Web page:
The White Paper all but dismisses “stabilising concentrations of greenhouse gases at around 450 parts per million or lower” because “achieving global commitment to emissions reductions of this order appears unlikely in the next commitment period [after the commitment period for the Kyoto Protocol ends in 2012].”

Note, there are significant differences in targets based on stabilising atmospheric carbon dioxide at 500 ppm (which picture C above depicts) and stabilising total radiative forcing of greenhouse gases and aerosols at 500 ppm CO2-e (see Avoiding confusion on stabilization targets for climate change and ocean acidification).

However, the White Paper appears to assume total radiative forcing will continue to roughly equal atmospheric carbon dioxide levels. Therefore, by aiming to stabilise atmospheric greenhouse gases at around 510 to 550 ppm CO2-e, the White Paper appears to be aiming to stabilise atmospheric carbon dioxide (currently around 385 ppm) at these levels.

This should sound alarm bells for anyone following the scientific literature on ocean acidification, which has found serious impacts occur to coral reefs and much of the marine ecosystem above 450-500 ppm carbon dioxide in the atmosphere (Hoegh-Guldberg et al 2007; Cao and Caldeira 2008).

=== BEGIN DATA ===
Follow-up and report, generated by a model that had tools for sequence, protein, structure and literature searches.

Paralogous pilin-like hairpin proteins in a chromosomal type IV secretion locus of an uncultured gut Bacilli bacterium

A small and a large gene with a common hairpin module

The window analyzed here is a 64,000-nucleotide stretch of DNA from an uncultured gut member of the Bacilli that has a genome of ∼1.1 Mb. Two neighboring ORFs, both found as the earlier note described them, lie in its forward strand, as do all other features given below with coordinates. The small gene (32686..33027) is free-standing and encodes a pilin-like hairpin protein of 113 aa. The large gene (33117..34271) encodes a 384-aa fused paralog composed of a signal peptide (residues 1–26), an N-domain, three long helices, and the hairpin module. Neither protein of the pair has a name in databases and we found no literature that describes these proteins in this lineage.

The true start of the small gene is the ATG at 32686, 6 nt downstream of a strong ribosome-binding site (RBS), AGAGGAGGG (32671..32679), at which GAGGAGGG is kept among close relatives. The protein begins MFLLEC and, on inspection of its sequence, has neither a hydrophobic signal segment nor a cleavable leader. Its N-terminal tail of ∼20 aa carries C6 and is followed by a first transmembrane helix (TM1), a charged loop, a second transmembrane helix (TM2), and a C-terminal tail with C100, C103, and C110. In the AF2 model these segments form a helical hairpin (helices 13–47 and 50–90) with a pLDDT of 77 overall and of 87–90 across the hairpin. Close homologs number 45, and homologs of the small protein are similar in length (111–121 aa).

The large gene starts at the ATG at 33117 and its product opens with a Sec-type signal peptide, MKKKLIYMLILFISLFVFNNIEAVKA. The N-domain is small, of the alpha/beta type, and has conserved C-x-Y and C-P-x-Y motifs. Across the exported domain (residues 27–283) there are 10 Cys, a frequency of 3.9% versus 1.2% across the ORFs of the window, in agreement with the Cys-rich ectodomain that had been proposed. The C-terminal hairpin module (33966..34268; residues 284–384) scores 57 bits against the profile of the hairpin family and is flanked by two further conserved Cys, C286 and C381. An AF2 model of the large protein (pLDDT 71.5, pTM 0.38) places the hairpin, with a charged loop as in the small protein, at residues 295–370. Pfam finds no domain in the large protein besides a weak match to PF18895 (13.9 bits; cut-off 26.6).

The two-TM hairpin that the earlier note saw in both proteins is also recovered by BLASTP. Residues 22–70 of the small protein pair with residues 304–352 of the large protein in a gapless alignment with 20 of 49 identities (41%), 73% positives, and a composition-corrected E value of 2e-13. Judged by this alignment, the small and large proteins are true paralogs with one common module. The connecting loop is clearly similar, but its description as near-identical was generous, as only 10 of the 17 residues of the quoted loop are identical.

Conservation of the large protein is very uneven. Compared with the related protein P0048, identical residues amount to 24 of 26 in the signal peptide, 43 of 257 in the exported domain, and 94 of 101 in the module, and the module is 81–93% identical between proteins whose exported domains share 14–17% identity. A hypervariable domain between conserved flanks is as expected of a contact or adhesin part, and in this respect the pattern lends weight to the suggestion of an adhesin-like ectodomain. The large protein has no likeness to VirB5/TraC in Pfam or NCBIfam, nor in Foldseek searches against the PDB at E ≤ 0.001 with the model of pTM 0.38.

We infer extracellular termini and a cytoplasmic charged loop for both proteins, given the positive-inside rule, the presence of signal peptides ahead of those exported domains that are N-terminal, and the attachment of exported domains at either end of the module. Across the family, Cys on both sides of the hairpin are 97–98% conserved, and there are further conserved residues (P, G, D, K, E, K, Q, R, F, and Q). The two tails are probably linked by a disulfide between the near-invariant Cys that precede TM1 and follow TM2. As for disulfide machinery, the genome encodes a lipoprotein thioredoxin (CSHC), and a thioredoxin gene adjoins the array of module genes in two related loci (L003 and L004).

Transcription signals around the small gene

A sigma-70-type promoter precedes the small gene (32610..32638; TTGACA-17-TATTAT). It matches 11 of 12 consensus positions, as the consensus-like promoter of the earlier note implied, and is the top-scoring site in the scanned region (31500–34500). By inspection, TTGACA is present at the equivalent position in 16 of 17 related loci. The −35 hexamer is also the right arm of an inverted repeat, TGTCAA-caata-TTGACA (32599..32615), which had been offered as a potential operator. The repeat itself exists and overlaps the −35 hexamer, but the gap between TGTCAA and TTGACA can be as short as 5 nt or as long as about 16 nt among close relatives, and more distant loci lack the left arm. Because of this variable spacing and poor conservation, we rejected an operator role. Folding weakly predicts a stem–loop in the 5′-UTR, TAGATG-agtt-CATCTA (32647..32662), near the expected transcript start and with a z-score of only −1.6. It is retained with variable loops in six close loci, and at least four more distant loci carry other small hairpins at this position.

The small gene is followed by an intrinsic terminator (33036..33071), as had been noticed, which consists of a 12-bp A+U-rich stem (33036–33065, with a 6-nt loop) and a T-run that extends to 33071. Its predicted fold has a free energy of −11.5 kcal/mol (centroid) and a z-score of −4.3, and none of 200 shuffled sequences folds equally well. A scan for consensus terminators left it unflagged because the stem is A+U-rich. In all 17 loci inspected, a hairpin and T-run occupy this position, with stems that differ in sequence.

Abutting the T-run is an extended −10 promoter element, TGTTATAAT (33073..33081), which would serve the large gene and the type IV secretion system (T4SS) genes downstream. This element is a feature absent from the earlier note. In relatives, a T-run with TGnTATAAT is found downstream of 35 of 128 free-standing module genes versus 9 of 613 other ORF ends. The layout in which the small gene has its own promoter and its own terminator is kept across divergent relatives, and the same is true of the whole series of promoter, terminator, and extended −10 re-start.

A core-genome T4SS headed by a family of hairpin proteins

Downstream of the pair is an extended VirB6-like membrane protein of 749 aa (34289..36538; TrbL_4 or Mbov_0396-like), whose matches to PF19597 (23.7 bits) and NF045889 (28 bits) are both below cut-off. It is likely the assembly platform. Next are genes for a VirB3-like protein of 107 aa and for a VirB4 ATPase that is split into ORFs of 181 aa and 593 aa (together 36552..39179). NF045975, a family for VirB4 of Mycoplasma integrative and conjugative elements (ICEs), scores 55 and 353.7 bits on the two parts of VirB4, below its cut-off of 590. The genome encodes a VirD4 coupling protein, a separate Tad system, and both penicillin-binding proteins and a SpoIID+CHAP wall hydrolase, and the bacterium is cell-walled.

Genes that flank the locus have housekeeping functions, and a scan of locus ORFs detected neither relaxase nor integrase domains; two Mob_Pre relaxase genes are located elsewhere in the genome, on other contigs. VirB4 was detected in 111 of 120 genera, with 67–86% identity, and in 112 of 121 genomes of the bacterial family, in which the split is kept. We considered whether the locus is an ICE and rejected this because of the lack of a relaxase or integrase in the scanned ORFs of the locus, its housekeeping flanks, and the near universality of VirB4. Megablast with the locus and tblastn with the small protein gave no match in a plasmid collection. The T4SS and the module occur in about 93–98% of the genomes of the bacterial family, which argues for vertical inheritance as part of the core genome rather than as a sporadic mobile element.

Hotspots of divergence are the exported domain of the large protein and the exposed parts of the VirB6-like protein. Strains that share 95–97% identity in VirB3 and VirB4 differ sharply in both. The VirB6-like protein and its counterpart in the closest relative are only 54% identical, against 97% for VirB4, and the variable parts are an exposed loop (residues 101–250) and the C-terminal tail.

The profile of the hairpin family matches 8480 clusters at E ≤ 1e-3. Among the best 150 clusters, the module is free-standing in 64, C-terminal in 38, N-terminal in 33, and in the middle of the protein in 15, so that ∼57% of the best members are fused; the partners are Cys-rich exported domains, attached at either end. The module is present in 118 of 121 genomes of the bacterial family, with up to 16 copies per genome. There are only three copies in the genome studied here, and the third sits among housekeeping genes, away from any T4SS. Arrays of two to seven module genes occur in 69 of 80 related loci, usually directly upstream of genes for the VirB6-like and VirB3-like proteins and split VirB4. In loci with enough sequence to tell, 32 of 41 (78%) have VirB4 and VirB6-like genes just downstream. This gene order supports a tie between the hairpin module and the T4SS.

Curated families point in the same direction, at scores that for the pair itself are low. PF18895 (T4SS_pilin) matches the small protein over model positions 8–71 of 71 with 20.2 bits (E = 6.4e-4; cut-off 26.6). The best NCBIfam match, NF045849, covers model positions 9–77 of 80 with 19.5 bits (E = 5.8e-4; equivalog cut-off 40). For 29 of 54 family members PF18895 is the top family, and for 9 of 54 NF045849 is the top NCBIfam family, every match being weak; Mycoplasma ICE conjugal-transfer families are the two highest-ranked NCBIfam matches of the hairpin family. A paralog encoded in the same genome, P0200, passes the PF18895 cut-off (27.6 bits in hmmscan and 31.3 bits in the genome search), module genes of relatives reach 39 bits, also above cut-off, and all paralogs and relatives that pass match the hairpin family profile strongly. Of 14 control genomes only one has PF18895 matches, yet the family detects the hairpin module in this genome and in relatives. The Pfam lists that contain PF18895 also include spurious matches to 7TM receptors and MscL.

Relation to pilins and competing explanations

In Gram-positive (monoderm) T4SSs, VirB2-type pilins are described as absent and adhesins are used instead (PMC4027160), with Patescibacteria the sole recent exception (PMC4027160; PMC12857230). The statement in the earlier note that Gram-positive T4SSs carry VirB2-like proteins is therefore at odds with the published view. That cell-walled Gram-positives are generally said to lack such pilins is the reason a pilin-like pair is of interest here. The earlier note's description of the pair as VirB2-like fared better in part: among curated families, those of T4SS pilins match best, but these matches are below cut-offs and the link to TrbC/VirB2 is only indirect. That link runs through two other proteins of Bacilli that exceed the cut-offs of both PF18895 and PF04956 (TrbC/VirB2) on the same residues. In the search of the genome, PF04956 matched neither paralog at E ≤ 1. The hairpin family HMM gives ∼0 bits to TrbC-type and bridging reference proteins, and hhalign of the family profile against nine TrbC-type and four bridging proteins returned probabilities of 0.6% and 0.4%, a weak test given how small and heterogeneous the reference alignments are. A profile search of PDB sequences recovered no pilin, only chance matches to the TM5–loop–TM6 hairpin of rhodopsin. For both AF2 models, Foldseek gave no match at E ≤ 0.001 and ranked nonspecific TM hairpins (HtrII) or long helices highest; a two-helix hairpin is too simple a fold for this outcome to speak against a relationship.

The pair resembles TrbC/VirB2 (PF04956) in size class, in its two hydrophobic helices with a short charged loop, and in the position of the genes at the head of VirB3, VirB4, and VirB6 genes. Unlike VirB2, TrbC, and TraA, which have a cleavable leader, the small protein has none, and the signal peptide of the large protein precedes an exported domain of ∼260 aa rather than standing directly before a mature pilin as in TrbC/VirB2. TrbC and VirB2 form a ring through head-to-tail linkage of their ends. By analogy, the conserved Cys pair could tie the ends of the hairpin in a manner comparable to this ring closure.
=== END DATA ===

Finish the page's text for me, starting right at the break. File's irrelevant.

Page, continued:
The public debate in Australia has largely ignored these impacts and it remains to be seen whether there will be any real challenge to the current approach being taken by the Australian Government.

The government has been less than frank on the implications of the targets it has chosen. There is no acknowledgment of the expected impacts to the Great Barrier Reef of stabilising at 510 – 550 ppm carbon dioxide or CO2-e and the choice of stabilising in this range is obscurely buried in the body of this 800 page report.